Everybody knows that some medications can cost a lot of money. I always try to take the cost to my patients into account when prescribing a medication- after all, if someone can’t afford it, they are not going to take it. When it’s appropriate (and 9 times out of 10 it is), I try to prescribe a generic medication. They are much cheaper and work just as well as the brand name (almost always).
Imagine my surprise when a patient recently presented me with a receipt, along with a request to change medication because the one I gave her was too expensive.
The medication was diltiazem ER, the generic form of Cardizem CD. The patient pay portion was $0. However, this patient is on Medicare, and the cost of every drug inches her closer to the “donut hole.” Basically, when the cost of drugs gets up to a certain amount (around $2,700), the patient enters a coverage gap and must pay 100% of medication costs. If you look in the upper right hand corner of the receipt, you will see that the cost of this drug was $536.84.
To say I was stunned is putting it mildly. So much so that I was convinced it was a mistake. After, the cost of brand name Cardizem CD is $288.99. How could a generic be more expensive? Cardizem went generic in 2010 — that’s plenty of time for the price to come down.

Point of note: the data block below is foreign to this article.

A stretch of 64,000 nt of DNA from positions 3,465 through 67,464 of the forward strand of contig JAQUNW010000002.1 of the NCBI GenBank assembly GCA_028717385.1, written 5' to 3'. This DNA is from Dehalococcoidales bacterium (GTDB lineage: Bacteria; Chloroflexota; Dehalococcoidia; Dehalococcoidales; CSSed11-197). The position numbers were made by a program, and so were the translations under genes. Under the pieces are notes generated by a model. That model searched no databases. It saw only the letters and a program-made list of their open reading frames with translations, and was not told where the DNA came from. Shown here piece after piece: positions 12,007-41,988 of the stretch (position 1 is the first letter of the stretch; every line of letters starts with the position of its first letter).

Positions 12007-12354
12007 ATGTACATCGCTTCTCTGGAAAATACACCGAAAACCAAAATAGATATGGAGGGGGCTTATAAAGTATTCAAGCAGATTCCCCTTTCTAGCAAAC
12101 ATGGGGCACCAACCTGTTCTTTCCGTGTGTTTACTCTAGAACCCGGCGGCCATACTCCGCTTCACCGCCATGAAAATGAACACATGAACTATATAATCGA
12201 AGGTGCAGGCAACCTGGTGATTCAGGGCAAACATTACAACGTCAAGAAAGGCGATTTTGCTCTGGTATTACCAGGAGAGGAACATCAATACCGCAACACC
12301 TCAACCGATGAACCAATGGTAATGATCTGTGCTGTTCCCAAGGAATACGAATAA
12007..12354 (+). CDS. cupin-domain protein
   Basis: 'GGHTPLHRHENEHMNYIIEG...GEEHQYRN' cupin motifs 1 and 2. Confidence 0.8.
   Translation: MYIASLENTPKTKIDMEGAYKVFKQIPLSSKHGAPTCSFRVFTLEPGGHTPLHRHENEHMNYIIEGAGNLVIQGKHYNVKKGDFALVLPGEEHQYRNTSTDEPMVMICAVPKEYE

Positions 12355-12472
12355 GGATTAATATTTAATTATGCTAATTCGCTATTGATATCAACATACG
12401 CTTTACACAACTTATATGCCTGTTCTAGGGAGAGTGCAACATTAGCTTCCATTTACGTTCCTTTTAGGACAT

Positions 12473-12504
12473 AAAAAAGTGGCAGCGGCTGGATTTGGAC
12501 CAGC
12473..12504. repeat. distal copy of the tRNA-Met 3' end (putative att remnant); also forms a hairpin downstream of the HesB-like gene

I called Walmart to see what the story was. I spoke to the pharmacy tech and asked her how much diltizem ER costs. Her answer was that there was one that was $54 and another that was $84. I then gave her my patient’s information and asked her why she was charged $536.84. After a lot of hemming and hawing, she said that that was the cost for one particular pill made by one particular manufacturer. I then asked her why my patient was given this one, instead of the one that was 10x cheaper. She couldn’t answer the question, so I got the pharmacist on the phone.
I wish I could say I got a good, reasonable explanation. I did not. She told me that there are several versions of generic diltiazem ER. They are all basically the same, but range in price from $53 to $536, depending on the manufacturer. She had no idea why my patient was given the most expensive one. I have some ideas, but I’m not going to speculate here, since I was always taught that if you can’t say anything nice, then don’t say anything at all. I clarified to her that my patient was to only get the cheap one. However, the damage is already done and she has edged an extra $500 closer to the donut hole.
So, what’s the moral of the story? Don’t just accept that the price of a drug is what it is. If something seems much more expensive than it should be, talk to the pharmacist or your doctor. Shop around and bring your business elsewhere if a pharmacy is not willing to assist you.
Marni Nicholas is an internal medicine physician who blogs at Patients, Patience, and Paces.